Laminate Floor Damage
Termite infestation in a home’s kitchen is usually not immediately apparent. The trouble for homeowners who experience such troubles is that these creatures work within wood to destroy it from the inside out, so outside signs are hard to come by. With laminate floors, it is even more difficult, since they are actually in the subflooring and below. But as time goes by, damage may become evident based on changes in the floor level characteristics of the laminates. These characteristics can help you to understand that you in fact have an infestation on your hands and require the expert help of a termite control company. Specifically, the work of an inspector is required at this juncture.
Infestation Mistaken for Water Damage
Regardless of whether you live in an area being infested with subterranean or drywood termites, laminate floor damage will initially present itself as if it were something else entirely. Homeowners will regularly get this kind of attack in this particular area and in ceilings especially confused with water damage. Since laminates are laid down in bathrooms and kitchen so often, both areas with sources to the home’s water supply, the tendency toward confusion is even greater. People get under their sinks and look for leaky pipes. They check all the connections to see what might be causing the problem. If this fails, the roof is next. Homeowners may wonder if a roof leak is running down a wall and under the laminate flooring and rotting out the wood underneath.
Termites Discovered after Laminates Removed
Quite often, with these two legitimate and believable possibilities to wrap their minds around, homeowners initially do not even consider that the troubles they are experiencing in that kitchen floor are actually being caused by an infestation. Laminate floor damage from just about any cause including water damage from leaky pipes or a roofing issue becomes evident when the flooring starts to blister and sag in certain areas of the room. The ground beneath the homeowner’s feet will feel very soft and may even cave in with foot pressure. Over time if unchecked the problem will obviously get worse, again leading to the mistaken notion that this laminate floor damage is being caused by a water leak somewhere. Only when the flooring is ripped up and the homeowner or a hired contractor sets out to repair the subflooring beneath is the real problem discovered.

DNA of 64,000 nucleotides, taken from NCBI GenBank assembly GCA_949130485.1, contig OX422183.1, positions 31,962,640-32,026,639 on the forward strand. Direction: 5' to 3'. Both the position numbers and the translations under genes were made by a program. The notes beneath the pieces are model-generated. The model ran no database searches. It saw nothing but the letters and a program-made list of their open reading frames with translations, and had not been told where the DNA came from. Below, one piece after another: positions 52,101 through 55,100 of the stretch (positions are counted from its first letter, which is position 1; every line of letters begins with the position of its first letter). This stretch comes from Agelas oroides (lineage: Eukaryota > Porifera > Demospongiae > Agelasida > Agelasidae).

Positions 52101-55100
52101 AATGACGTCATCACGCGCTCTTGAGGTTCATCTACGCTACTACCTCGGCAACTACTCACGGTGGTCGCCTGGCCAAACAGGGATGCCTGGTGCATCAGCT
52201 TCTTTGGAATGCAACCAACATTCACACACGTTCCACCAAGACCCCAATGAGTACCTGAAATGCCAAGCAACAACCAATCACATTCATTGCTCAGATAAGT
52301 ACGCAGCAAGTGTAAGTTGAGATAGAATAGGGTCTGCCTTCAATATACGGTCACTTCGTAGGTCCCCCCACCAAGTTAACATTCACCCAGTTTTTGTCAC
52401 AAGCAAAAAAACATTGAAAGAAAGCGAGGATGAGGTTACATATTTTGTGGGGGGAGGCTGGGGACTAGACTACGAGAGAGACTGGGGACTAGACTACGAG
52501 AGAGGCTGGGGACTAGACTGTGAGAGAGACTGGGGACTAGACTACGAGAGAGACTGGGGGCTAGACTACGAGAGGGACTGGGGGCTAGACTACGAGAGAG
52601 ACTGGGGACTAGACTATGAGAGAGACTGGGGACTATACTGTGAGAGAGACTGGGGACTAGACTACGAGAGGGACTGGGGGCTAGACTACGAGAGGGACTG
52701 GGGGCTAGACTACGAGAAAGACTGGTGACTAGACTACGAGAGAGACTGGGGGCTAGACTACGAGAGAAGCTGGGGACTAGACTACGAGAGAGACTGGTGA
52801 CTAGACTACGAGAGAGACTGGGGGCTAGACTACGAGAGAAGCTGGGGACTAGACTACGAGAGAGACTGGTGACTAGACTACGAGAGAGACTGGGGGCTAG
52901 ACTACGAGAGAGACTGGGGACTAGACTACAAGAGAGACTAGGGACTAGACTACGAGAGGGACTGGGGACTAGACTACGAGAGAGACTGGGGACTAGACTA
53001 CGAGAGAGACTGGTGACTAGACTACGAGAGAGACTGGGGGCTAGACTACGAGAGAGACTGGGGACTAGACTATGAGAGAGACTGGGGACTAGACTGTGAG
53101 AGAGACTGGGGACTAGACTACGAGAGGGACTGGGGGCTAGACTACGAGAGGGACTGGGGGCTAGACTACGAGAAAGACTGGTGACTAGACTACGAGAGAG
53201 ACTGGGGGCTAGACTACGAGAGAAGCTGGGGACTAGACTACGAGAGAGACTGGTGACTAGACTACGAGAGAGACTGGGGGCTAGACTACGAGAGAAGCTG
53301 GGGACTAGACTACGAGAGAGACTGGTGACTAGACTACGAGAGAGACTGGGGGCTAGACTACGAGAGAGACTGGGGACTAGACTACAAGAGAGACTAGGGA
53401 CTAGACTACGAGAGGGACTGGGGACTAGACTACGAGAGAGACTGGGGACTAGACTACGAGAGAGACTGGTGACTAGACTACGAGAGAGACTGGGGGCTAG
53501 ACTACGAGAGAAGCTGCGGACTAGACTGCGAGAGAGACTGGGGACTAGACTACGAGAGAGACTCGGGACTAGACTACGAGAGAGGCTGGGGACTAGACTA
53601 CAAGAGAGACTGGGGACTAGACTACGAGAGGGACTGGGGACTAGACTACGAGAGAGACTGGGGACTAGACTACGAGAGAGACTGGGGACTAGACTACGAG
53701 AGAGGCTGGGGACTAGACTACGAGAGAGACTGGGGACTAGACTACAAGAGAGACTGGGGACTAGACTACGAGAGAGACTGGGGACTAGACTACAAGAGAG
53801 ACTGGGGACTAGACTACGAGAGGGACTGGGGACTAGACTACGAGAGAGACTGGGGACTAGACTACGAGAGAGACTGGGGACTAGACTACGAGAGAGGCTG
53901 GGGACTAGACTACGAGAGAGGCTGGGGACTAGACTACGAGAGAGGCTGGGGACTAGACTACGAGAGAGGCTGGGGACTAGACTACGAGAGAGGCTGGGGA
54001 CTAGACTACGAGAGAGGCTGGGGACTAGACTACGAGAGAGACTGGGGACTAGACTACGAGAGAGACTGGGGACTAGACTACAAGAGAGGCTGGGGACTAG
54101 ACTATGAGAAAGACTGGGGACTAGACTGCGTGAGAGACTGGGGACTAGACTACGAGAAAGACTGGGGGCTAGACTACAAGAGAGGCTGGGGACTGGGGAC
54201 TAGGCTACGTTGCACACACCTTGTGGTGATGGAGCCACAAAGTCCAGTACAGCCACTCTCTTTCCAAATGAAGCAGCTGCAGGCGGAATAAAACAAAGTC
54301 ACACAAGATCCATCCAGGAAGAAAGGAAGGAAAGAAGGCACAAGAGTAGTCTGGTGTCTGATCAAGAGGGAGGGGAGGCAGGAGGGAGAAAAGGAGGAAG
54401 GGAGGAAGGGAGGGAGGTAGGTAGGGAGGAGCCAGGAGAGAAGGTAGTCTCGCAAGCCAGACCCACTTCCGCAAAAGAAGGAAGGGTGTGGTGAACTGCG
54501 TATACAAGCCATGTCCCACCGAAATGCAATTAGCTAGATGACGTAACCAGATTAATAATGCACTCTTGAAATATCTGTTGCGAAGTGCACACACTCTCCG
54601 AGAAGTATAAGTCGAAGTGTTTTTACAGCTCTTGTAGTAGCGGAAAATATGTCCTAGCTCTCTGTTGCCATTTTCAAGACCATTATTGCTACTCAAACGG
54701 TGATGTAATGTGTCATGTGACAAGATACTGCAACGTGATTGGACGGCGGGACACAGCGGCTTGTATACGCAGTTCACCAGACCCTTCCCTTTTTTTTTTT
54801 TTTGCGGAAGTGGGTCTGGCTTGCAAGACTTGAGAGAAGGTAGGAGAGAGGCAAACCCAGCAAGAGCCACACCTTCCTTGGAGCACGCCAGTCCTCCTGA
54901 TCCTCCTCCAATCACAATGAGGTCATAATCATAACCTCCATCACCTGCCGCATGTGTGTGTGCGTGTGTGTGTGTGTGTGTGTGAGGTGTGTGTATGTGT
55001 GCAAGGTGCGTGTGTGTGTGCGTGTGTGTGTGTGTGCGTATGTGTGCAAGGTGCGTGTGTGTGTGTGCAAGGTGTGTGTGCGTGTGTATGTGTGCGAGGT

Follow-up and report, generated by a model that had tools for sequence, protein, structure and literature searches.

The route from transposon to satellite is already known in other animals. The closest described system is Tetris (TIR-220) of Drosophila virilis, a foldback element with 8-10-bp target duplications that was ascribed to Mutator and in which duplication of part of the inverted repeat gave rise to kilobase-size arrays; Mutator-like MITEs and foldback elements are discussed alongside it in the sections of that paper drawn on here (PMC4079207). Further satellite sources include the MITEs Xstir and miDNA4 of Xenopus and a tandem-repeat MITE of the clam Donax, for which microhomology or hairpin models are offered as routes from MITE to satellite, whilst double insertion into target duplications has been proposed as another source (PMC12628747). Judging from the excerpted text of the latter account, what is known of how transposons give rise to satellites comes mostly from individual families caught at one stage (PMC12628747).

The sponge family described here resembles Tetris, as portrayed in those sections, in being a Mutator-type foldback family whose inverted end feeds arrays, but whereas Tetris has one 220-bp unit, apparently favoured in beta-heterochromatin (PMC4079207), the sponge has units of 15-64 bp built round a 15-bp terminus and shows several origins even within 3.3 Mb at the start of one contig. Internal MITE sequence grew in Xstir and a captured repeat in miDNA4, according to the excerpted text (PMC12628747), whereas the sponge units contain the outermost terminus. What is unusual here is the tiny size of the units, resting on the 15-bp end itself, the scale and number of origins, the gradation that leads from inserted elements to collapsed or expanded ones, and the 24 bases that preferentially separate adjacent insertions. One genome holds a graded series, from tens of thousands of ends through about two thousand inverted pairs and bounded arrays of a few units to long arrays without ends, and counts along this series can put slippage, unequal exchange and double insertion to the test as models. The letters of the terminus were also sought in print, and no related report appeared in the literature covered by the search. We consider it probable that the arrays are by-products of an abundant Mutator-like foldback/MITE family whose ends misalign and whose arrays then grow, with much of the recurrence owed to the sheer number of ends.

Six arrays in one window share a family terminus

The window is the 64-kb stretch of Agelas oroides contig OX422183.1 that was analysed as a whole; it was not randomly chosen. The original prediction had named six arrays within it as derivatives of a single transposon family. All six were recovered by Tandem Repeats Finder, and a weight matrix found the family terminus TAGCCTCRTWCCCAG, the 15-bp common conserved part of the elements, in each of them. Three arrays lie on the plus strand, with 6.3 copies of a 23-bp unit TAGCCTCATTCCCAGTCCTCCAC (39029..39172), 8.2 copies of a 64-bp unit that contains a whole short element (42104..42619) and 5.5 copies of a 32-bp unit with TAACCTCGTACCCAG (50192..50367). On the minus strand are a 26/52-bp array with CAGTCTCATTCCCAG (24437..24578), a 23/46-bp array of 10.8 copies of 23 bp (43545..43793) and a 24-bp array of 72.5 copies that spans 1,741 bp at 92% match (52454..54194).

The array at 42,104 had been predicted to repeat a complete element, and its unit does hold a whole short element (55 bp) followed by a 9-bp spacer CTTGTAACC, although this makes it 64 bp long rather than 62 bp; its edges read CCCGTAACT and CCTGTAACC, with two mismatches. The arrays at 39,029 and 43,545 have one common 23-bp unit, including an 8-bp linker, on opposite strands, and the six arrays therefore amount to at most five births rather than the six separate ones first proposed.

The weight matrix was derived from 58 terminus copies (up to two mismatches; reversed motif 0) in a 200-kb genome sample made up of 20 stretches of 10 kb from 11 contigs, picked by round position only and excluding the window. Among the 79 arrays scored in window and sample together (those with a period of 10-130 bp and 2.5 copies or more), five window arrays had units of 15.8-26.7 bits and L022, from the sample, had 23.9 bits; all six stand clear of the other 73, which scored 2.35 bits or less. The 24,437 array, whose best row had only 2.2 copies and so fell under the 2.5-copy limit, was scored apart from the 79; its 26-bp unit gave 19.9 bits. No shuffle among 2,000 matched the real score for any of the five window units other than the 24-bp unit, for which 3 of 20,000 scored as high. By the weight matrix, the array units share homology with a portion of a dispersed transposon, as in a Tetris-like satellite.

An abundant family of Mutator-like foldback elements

A Hollow Network of Tunnels
Once the affected skin of the floors has been abated and is no longer there to mask the circumstance and make correct assessment possible, closer inspection of the situation is now possible. Contractors or homeowners will generally go right toward the affected area, thinking to cut it out and replace it with good wood. But upon closer inspection by the skilled tradesman or the owner of the infested home, the evidence of termites will finally present itself and the real cause of the laminate floor damage truly known. The sacrifice of the laminate floor is worth understanding the cause of the laminate floor damage to give the homeowner an understanding of the true nature of the problem.
Laminate floor damage in this case reveals a hollow network of tunnels intricately laid underneath the cover of the laminate floor. The damage caused by the work of these destructive pests at this point may be so great that the kitchen floor may be the least of the homeowner’s worries. Laminate flooring often hides the true nature of the situation. Laminate floor damage can be mistaken from something quite a bit different from what it is.
Damage caused to laminate flooring by termite infestations can appear similar to typical water damage. Laminate will blister and sag in affected areas. If inspected more closely, a hollow network of tunnels will be discovered beneath buckled areas. In order to address damage done to laminate flooring, it is often necessary to rip up old laminate and lay new flooring.
To prevent laminate floor damage and the costly procedures to repair it, it is advised that homeowners schedule annual termite inspections with licensed exterminators. While inspectors previously relied upon screw driver and flashlight inspection, technology is advancing rapidly: infrared and microwave detection services are highly accurate and non-invasive options.